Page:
Testosterone Gel $150M Verdict Reveals a Difficult Road Ahead for AbbVie

By Emily Cox
Testosterone gel
Flickr/paul bica

The recent testosterone gel trial verdict should have been a phenomenal victory for pharmaceutical giant, AbbVie. The jury held that the company wasn’t liable for an AndroGel user’s heart attack. Score one for the big guys! Right? Not so much.

The Illinois federal jury may have cleared AbbVie of product liability. However, it awarded $150 million in punitive damages against the drug maker for misleading advertising. The unusual verdict was a deliberate and obvious rebuke against AbbVie, revealing a treacherous path going forward in the multidistrict litigation (MDL).

The surprising monetary award in the July 24 verdict seized nationwide headlines. However, it’s not even clear if it’s enforceable, since AbbVie was found innocent of product liability…in a product liability trial. Also, punitive damages aren’t traditionally standalone verdicts. They’re intended to supplement compensatory damages to punish companies for immoral behavior. In fact, Illinois has a long history of disallowing punitive damages without their compensatory counterparts.

Testosterone Gel Marketing

During the trial,  Plaintiff Jesse Mitchell pointed to AbbVie-funded advertising and consumer questionnaires. These marketing materials indicated that testosterone gel could treat symptoms like lethargy and depression. Mitchell said this was evidence that the company ignored the specific conditions that the FDA approved AndroGel for to snatch the market for aging men instead.

Mitchell further claimed that AbbVie ignored its testosterone gel’s cardiovascular risks when targeting middle-aged men. The company’s marketing claimed that AndroGel could treat a condition called “Low T.”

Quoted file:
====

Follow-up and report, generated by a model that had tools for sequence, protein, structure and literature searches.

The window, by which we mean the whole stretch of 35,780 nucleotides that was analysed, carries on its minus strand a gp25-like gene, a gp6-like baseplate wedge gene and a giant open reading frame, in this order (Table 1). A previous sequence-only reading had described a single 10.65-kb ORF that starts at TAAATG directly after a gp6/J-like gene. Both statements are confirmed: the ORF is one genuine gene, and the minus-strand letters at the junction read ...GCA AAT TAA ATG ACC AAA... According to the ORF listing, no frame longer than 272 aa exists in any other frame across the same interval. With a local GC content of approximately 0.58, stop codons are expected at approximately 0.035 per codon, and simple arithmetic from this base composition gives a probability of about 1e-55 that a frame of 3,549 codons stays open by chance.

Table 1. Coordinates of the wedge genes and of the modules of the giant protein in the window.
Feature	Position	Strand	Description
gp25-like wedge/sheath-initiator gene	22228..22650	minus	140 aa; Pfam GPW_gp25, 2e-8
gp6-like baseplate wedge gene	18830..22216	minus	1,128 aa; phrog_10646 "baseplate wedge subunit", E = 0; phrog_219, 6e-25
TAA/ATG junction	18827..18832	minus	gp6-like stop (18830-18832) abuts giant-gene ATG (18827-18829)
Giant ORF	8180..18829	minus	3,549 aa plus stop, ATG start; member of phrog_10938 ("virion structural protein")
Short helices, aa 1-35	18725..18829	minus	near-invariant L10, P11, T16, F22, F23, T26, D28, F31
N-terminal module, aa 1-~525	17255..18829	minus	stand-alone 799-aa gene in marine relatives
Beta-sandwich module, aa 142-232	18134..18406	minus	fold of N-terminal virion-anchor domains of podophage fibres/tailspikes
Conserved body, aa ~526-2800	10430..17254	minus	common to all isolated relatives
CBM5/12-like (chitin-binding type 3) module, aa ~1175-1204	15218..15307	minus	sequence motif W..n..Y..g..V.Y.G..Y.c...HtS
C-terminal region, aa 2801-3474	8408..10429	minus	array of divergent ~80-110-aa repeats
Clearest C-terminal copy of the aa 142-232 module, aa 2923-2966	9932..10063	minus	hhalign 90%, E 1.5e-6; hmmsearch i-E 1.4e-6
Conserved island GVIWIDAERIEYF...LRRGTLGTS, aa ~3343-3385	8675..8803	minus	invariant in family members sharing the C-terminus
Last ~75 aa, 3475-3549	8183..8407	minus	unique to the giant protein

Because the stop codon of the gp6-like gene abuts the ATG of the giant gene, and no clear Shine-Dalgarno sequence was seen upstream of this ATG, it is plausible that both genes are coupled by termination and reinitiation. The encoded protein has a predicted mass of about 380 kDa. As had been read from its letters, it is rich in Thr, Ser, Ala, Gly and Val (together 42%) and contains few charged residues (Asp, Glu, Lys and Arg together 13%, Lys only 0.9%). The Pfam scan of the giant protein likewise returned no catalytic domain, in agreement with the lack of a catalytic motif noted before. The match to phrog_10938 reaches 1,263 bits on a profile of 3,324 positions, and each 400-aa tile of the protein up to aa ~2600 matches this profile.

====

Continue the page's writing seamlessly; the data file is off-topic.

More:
“Low T” merely describes the normal male aging process. And AbbVie created it and expended vast resources to ensure millions of men thought they had it. AbbVie willfully targeted at risk men, exploiting insecurities over lost muscle tone and sex drive to drive sales.

The company’s due diligence paid off big-time. Its testosterone sales skyrocketed from $324 million in 2002 to nearly $2.3 billion in 2012. Now, this strategy may cost the company big time.

 Anger Over AbbVie’s Behavior Could Be a Deciding Factor in Testosterone Gel Trials

It’s clear that even though the jury felt it couldn’t be proven that AbbVie’s product caused harm, they also felt that AbbVie needed to pay for its actions. Consequently, while AbbVie may avoid a payout, the jury’s decision to punish the company for advertising the cleared testosterone gel could weigh heavily in future trials.

“I’d be really concerned about how my behavior was going to be judged by the juries,” a plaintiff attorney said. “It definitely shows them they’re at huge risk.”

The jury clearly agreed with AbbVie that Mitchell’s risk factors before ever using testosterone gel negated any product liability and negligence claims. But, they also clearly still wanted to punish AbbVie. Plaintiff lawyers say that this is very encouraging for future cases.

Fixing plaintiff problems is far easier than fixing the jury’s outrage over AbbVie’s ads. While plaintiffs change case-to-case, AbbVie’s marketing strategy will remain the same.

“Correcting the anger, that’s the bigger mountain to climb,” a plaintiff attorney said.

Despite the fact that the issue of these cases is whether the drug caused a person’s injury, the incendiary response that AbbVie’s behavior ignites could hold sway over any jury decision regardless of the actual strength of the plaintiff’s case.

The jury’s drive to take AbbVie to task for its behavior despite finding in its favor came at the end of a three-week trial. The trial examined Mitchell’s claim that AndroGel caused his nearly fatal 2012 heart attack. His lawsuit is one of more than 6,000 over testosterone gel products in the Illinois federal MDL.

Testosterone Gel Punitive Damages Likely Won’t Stand

Since the jury’s award did not come with compensatory damages, it probably won’t survive post-trial motions.

Illinois state law governs the outcomes of Mitchell’s case. There is a strong state precedent that juries cannot award punitive damages without compensatory ones. The Seventh Circuit has also affirmed this precedent in a 2015 appeal.

“Obviously, the verdict couldn’t stand,” Judge Richard Posner said of the jury’s decision.

“Punitive damages can’t lawfully be awarded when no compensatory damages are awarded.”

The next AndroGel trial will begin this September. It’s a redo of the first case to go to trial, since it ended in a mistrial in June after five days of testimony.

Both sides face challenges in making their respective cases. And, neither is showing any signs of backing down either.

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